The chair of the UK Covid-19 public inquiry has urged the prime minister to significantly widen its scope to better examine the pandemic’s unequal impact on ethnic minority people, children and the nation’s mental health.
Barbara Hallett asked Boris Johnson to beef up the inquiry after receiving over 20,000 responses to a public consultation on the government’s draft terms of reference, which many civic groups complained were too narrow. If the PM ratifies the redrawn terms, it would considerably extend a statutory inquiry which some experts predict is on course to be the largest in modern British history.
The government’s draft terms already included 26 topics, including preparedness, lockdowns, testing, borders, infection control in hospitals and care homes, PPE, vaccines, furlough and sick pay. The inquiry has appointed 12 QCs to lead a mammoth effort that involves combing through potentially several million documents.
Lady Hallett acted after campaigners had complained the inquiry was set to be “bizarrely silent” on the impact on the population’s mental health, and former children’s commissioners had warned that the draft terms’ single-line reference to “restrictions on attendance at places of education” would “brush the burden shouldered by children under the carpet”.
Black, Asian and minority ethnic leaders had warned the planned inquiry failed to sufficiently account for inequalities “as a result of systematic racism throughout the pandemic”.
Downing Street’s draft terms said it would “consider any disparities evident in the impact of the pandemic and the state’s response, including those relating to protected characteristics under the Equality Act 2010 and equality categories under the Northern Ireland Act 1998”.
But campaigners wanted specific reference to minority groups and assessment of human rights impacts.
Last week, the leaders of the Race Equality Foundation and the Caribbean & African Health Network among other ethnic minority groups called for the inquiry to consider “the experience of racism that increased the risks faced by black, Asian and minority ethnic communities during the pandemic as a specific programme of work”.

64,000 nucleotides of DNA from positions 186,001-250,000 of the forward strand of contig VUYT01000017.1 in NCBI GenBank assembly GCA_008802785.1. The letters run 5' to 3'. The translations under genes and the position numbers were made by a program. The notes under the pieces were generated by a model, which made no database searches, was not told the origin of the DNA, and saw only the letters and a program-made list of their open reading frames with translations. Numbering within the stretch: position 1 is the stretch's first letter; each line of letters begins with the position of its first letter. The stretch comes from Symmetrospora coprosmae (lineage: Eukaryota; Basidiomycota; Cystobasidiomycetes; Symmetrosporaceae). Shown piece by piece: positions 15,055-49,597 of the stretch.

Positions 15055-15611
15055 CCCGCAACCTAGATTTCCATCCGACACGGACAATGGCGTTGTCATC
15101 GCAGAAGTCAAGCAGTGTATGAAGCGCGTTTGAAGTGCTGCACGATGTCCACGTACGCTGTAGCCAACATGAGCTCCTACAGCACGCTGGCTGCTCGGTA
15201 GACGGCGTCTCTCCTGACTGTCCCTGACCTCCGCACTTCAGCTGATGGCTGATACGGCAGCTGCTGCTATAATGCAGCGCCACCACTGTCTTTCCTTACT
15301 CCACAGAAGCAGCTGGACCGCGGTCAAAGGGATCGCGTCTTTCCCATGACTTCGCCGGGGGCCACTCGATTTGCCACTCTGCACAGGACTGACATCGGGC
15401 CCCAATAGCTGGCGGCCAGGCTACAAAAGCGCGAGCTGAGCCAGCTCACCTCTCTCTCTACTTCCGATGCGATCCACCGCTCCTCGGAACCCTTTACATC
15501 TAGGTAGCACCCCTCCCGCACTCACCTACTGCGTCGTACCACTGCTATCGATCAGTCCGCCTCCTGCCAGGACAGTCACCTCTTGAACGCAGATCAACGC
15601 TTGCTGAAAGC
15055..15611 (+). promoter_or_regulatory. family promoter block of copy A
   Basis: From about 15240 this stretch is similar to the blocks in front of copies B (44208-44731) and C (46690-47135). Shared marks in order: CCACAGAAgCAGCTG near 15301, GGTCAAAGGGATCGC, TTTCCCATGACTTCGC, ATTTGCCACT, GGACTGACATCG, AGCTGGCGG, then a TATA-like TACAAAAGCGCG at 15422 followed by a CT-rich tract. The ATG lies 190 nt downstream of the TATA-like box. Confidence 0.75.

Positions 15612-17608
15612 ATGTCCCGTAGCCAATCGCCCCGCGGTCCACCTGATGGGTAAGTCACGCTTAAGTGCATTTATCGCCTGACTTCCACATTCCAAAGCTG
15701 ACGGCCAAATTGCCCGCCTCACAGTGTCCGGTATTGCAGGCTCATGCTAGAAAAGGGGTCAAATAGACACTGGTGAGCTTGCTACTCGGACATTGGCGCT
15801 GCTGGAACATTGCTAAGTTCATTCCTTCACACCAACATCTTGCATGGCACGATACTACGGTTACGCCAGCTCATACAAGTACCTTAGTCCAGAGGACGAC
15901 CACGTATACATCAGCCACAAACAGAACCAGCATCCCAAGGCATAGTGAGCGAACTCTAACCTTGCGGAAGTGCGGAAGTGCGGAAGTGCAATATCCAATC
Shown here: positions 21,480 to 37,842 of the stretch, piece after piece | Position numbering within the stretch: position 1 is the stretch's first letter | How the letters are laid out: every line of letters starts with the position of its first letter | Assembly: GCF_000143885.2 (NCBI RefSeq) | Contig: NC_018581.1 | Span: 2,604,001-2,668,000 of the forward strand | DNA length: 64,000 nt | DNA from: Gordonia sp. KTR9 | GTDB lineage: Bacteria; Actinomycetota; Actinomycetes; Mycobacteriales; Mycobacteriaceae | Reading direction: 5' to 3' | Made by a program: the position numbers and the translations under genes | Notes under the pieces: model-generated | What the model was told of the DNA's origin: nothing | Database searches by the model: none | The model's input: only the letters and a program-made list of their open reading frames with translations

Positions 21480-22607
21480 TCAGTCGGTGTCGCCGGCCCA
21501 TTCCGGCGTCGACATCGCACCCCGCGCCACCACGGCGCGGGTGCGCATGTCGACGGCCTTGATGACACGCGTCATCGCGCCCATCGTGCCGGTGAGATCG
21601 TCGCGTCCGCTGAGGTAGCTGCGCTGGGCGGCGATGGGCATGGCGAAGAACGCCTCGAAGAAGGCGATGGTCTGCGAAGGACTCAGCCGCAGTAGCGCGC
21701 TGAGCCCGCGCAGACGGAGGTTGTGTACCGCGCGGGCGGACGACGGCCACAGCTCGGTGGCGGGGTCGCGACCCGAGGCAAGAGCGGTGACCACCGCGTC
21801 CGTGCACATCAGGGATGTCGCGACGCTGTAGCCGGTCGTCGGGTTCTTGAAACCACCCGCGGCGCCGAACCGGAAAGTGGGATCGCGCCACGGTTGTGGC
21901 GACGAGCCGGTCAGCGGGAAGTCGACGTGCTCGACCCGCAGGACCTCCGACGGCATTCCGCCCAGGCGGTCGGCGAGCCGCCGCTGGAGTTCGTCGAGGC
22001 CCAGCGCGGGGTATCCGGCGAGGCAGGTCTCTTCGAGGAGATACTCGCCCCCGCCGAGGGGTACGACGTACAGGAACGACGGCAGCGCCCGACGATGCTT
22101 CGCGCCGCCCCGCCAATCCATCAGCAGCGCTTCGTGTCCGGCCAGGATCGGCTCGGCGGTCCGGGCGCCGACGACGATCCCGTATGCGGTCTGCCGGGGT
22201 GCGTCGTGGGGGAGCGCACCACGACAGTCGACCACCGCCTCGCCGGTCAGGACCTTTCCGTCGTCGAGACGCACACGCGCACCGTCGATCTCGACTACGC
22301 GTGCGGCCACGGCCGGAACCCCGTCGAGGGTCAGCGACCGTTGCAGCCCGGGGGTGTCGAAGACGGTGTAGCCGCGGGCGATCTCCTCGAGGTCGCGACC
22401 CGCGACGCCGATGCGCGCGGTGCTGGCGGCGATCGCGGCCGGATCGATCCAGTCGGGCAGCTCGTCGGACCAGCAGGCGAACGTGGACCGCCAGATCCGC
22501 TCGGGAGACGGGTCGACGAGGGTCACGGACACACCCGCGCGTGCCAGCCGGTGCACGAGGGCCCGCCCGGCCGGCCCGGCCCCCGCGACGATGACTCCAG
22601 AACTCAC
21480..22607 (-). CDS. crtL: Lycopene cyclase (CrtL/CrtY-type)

Bangladeshi men were more than three times as likely to die with Covid than white British men while Pakistani women were more than twice as vulnerable as their white British counterparts, according to ONS data.
Hallet said she wants consideration of the unequal impact of the pandemic to run through all sections of the inquiry with possible focuses on ethnicity, religion, disability, the elderly, children in care and people who live in poverty.
Other topics the chair wants to see added are: the role of primary care, including the NHS 111 hotline, which many people used for advice on how to respond to Covid; the impact on places of worship; support for victims of domestic abuse; and access to bereavement support. Studies of people bereaved during Covid found that difficulties accessing bereavement support from general practitioners and bereavement services were common.
After months of criticism that the government was too slow to initiate the inquiry, Johnson promised to start the inquiry this spring, which is still technically possible. Once he agrees the terms, the inquiry will be formally established and can start gathering evidence and witness statements even if the first cross-examinations won’t happen before 2023. Hallett has already told government departments to protect evidence from destruction.
Hallett is a former appeal court judge who was recently coroner for the inquests of the 56 people who died in the 7 July 2005 London bombings.
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